Duck and White Bean Cholent

Preparation info

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This meltingly spoon-tender duck and creamy bean casserole is reminiscent of a fine cassoulet, to which it is no doubt related. European Jews wealthy enough to enrich their cholent—the stew that for many was the taste of Sabbath itself—with duck and goose found their lush flesh would remain succulent and tender even after the prolonged cooking from Friday afternoon to midday Saturday. Today, kosher confit d’oie (long-simmered preserved goose) is still sold in Jewish delicatessens in France for creating lavish Alsatian-style cholents.

But the lengthy, gentle braising that renders such incomparably supple meat and enchants the house with a heavenly perfume will also fade the pungent seasonings. They will need some brightening up. So just before serving, I send in a fresh infusion of flavors: brisk minced garlic, rosemary, and snappy lemon zest.


  • cups (about 12 ounces) dried white beans, such as cannellini or Great Northern, washed, picked over, soaked overnight in cold water to cover by at least 2 inches, and drained
  • One 4½- to 5½-pound fresh duck (or thawed frozen), wingtips, tailbone, and neck removed
  • 1 tablespoon olive oil
  • Salt and freshly ground black pepper
  • 1 cup chopped shallots
  • 8 large garlic cloves, peeled and coarsely chopped
  • 1 cup dry red wine
  • 10–12 pitted prunes, quartered
  • 4 large waxy potatoes, peeled and cut into quarters, or 6 medium, halved (2–2½ pounds)
  • 2 tablespoons chopped fresh rosemary
  • 1 tablespoon chopped fresh sage
  • 2 teaspoons grated orange zest
  • About 6 cups homemade chicken broth, or good-quality low-sodium canned

Lemon-Garlic Garnish

  • 2–3 teaspoons grated lemon zest, or to taste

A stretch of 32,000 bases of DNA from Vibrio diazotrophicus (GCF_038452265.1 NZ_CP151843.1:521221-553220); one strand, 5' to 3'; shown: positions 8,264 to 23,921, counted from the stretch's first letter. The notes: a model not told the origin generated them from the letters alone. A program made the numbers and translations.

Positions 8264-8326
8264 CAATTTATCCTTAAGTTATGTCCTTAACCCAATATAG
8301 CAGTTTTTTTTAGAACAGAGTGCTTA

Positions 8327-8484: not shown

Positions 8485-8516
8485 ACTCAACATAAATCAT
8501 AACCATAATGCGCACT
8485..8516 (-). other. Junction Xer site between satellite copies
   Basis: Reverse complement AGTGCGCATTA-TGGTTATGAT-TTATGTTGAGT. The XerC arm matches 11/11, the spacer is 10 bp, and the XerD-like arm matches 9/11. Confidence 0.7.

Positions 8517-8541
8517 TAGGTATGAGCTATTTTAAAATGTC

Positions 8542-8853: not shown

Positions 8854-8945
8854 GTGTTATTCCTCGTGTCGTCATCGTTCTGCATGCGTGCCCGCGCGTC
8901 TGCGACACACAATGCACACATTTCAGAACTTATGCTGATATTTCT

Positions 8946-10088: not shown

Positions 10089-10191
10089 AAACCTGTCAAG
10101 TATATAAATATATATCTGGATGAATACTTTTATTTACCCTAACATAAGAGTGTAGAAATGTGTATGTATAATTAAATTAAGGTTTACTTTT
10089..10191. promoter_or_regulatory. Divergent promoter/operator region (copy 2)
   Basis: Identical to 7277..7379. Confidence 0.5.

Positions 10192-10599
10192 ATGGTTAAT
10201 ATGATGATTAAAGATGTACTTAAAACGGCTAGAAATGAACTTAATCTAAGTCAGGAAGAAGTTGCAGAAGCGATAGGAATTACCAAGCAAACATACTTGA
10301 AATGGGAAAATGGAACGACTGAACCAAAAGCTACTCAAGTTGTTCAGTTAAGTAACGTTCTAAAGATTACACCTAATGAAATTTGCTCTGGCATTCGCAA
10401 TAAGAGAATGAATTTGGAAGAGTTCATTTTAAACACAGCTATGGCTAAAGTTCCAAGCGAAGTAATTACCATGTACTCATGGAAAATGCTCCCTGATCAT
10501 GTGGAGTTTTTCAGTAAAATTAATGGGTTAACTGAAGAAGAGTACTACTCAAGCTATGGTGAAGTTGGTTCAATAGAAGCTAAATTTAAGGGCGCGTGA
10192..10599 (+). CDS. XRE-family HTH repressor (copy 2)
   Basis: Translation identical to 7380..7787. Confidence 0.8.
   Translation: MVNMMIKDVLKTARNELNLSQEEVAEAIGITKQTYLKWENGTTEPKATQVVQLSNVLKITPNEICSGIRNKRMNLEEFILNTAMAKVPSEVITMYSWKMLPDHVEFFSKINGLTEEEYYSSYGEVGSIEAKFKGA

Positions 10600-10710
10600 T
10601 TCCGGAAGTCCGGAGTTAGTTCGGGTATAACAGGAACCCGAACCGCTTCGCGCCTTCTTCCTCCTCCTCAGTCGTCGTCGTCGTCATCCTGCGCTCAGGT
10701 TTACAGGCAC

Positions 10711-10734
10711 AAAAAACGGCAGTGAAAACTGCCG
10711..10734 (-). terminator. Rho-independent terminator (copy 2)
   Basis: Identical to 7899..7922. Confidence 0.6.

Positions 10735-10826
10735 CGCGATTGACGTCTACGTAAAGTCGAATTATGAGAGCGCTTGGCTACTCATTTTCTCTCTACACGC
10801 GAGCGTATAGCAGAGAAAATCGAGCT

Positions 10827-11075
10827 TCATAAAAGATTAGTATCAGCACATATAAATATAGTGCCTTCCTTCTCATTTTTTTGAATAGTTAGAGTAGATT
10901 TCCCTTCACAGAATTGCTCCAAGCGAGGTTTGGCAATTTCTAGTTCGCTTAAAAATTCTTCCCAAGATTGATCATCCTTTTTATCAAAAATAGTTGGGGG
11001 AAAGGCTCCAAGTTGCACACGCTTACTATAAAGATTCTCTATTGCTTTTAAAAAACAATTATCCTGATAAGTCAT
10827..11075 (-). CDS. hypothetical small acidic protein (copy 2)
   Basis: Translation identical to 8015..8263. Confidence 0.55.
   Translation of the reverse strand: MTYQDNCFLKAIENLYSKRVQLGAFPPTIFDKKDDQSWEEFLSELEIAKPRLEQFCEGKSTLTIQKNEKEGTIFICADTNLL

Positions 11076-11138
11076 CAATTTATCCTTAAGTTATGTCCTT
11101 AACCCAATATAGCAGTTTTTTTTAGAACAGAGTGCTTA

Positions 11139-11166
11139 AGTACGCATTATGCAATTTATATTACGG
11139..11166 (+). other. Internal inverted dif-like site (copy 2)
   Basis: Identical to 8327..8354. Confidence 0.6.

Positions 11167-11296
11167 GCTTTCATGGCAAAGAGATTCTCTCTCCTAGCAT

• 2 teaspoons minced or pressed fresh garlic
  • 1 tablespoon finely chopped fresh rosemary
  • 2 tablespoons finely chopped fresh parsley, preferably flat-leaf
  • ½ teaspoon salt


  1. Place the beans in a very large (7- to 8-quart) Dutch oven or heavy, flameproof casserole in which you will be cooking the cholent.
  2. Cut the duck into eighths (or have the butcher do it). Reserve the liver and any giblets for another use. Pull off and discard as much excess fat as possible. Rinse the duck inside and out and thoroughly dry with paper towels.
  3. Heat the oil in a 10- to 12-inch heavy skillet (cast iron is ideal) until very hot but not smoking. Working in batches, add the duck and brown on both sides over medium-high heat, beginning skin side down. Transfer the duck as it is cooked to the Dutch oven or casserole. Let the cooked duck rest until cool enough to handle, then remove the skin from each piece. If your cholesterol count permits, return the skin to the skillet and fry over moderately high heat until crisp on both sides, to render as much fat as possible (it will be a delicious flavoring for the cholent). Cut the skin into small bits and add to the Dutch oven or casserole. Sprinkle the skin and the duck pieces all over with salt and pepper. (Alternatively, if you choose not to crisp the skin, simply discard it.)
  4. Discard all but 1 tablespoon of the fat remaining in the skillet. Add the shallots and sauté over medium heat until softened, about 5 minutes. Add the garlic and continue cooking for 3 minutes, or until golden. Transfer the mixture to the Dutch oven.
  5. Add the wine and prunes to the skillet and turn the heat up to high, scraping up all the browned bits with a wooden spoon. Cook until the liquid is reduced by half, then transfer the mixture to the Dutch oven.
  6. Preheat the oven to 200°F. Add the potatoes to the Dutch oven, sprinkle the herbs, orange zest, and salt and pepper to taste over all, and combine well. Add 6 cups broth—it should just cover all of the ingredients, so if necessary, add a bit more. Bring to a gentle boil and then simmer for 10 minutes. Cover very tightly with foil and the lid. Transfer to the oven and bake undisturbed for 8 hours, or overnight.
  7. Prepare the lemon-garlic garnish. Combine all the ingredients in a small bowl, cover, and refrigerate until ready to serve.
  8. Just before serving the cholent, stir in the lemon-garlic garnish.